Hong Kong, 16 December 2020: Such is the polarised nature of Hong Kong these days, even something as relatively straightforward as a public health initiative that would seem in everyone’s best interest becomes a political hot potato. So it is with our government’s welcome – and, it appears, judicious – procurement of coronavirus vaccines. The authorities’ intention is to offer every resident of this city free and voluntary immunisation as soon as is practically possible, thereby drastically reducing the spread of Covid-19 and speeding up a return to some sort of normality. What could be wrong with that?
Plenty, according to opponents of Chief Executive Carrie Lam and her administration, since half the government’s initial procurement of 15 million doses of vaccine will come from China. Their concerns were amplified by media reports claiming this particular inoculation, from Sinovac Biotech, was chosen at least in part to appease the pro-establishment camp here. An exasperated Ms Lam yesterday insisted the procurement was based solely on scientific evidence and that her government was trying to provide the safest vaccines for all as quickly as possible. She decried “malicious spreading of rumours” and people “stigmatising and politicising” the initiative.
I have some sympathy for her, but not much. The authorities appear to have acted with reasonable speed and efficiency in procuring 7.5 million shots from Pfizer-BioNTech, the vaccine which is already being rolled out in the UK and US, with the first one million doses to be distributed in the first quarter of next year, and 7.5 million from Sinovac Biotech, which will supply its first million next month. An agreement for a further 7.5 million shots from another major vaccine candidate, Oxford-AstraZeneca, is in the pipeline. Senior health professionals who advise the government have backed the selections, saying they are based on science and logic. The Sinovac Biotech candidate is reported to have been used extensively with good evidence of efficacy, with phase one and two trials peer-reviewed in respected medical journal The Lancet.
However, the fact Hong Kong is so divided is largely down to the actions – or, sometimes, inaction – of Ms Lam and her administration over the past couple of years. Our government is disliked and distrusted by a significant proportion of the population. As a result, all policies and initiatives are bound to be held up for scrutiny and accusations of political bias will never be far away. In such circumstances, uniting the public to fight a pandemic is difficult, to say the least.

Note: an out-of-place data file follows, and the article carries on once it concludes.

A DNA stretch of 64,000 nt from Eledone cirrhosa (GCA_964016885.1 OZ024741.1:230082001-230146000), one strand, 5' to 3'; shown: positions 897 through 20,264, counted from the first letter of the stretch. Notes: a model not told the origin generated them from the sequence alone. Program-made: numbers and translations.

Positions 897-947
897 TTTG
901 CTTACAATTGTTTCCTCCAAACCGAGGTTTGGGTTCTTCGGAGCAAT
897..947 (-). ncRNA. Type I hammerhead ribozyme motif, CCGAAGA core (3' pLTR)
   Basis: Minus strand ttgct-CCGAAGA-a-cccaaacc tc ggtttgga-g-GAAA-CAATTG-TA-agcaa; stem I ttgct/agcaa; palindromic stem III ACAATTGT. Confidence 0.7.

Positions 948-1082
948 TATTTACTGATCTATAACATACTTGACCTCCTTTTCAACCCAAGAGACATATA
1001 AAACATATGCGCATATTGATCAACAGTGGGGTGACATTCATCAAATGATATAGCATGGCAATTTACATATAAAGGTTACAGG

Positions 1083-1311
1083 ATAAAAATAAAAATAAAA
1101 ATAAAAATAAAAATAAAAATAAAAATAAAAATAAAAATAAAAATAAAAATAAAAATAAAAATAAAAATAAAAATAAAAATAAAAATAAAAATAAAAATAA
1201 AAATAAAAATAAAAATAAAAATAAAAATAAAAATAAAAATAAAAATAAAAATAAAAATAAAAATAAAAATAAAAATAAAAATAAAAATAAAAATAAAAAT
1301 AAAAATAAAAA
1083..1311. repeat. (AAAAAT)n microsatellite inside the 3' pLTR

For the record, I fully support the concept of vaccines in general and coronavirus vaccines in particular. As matters stand, they are the only way out of this global mess. Of course, there remains much to be done. In many ways, procuring the shots was the easy part for Ms Lam and her team, the difficult task will be administering them on a large scale while managing public expectations and perceptions. This process will be just as vulnerable to misinformation as any other aspect of the pandemic, so I reiterate my advice to listen to the science and adhere to the facts. In this regard, I recommend reading the latest blog from Dr David Owens detailing the vaccination process and appraising the three candidates selected by our government. It is essential reading.
In the meantime, we are continuing to live with strict social distancing regulations as the authorities try to bring the so-called fourth wave of Covid-19 infections under control. There are concerns more people in younger age groups, some with no pre-existing health issues, are being seriously affected. Hong Kong reported 98 new infections and three more related fatalities yesterday, which followed three deaths on Monday. The city’s overall tally now stands at 7,721 infections – I should stress this is still just 0.1% of the population – over the course of this year, with 123 fatalities.
Naturally, everyone is preoccupied with health these days and I’m no exception. I had my annual checkup this week and my GP was pleasantly surprised – actually, more like amazed – at my recent weight loss and fitness improvement. As regular readers may know, I’ve used these months of enforced grounding in Hong Kong to go on a health kick, which has included hiring a personal trainer and dietician and undertaking regular exercise.
With our gyms closed – again, I wish to point out this makes no sense at all – I’ve been working out under the watchful eye of my trainer in a children’s playground near home, complete with yoga mat and weights. If I keep this up, I’ll soon be agile enough to join grandson Nathan on the swings and slides.
Stay safe and well, everybody!
Boase Cohen & Collins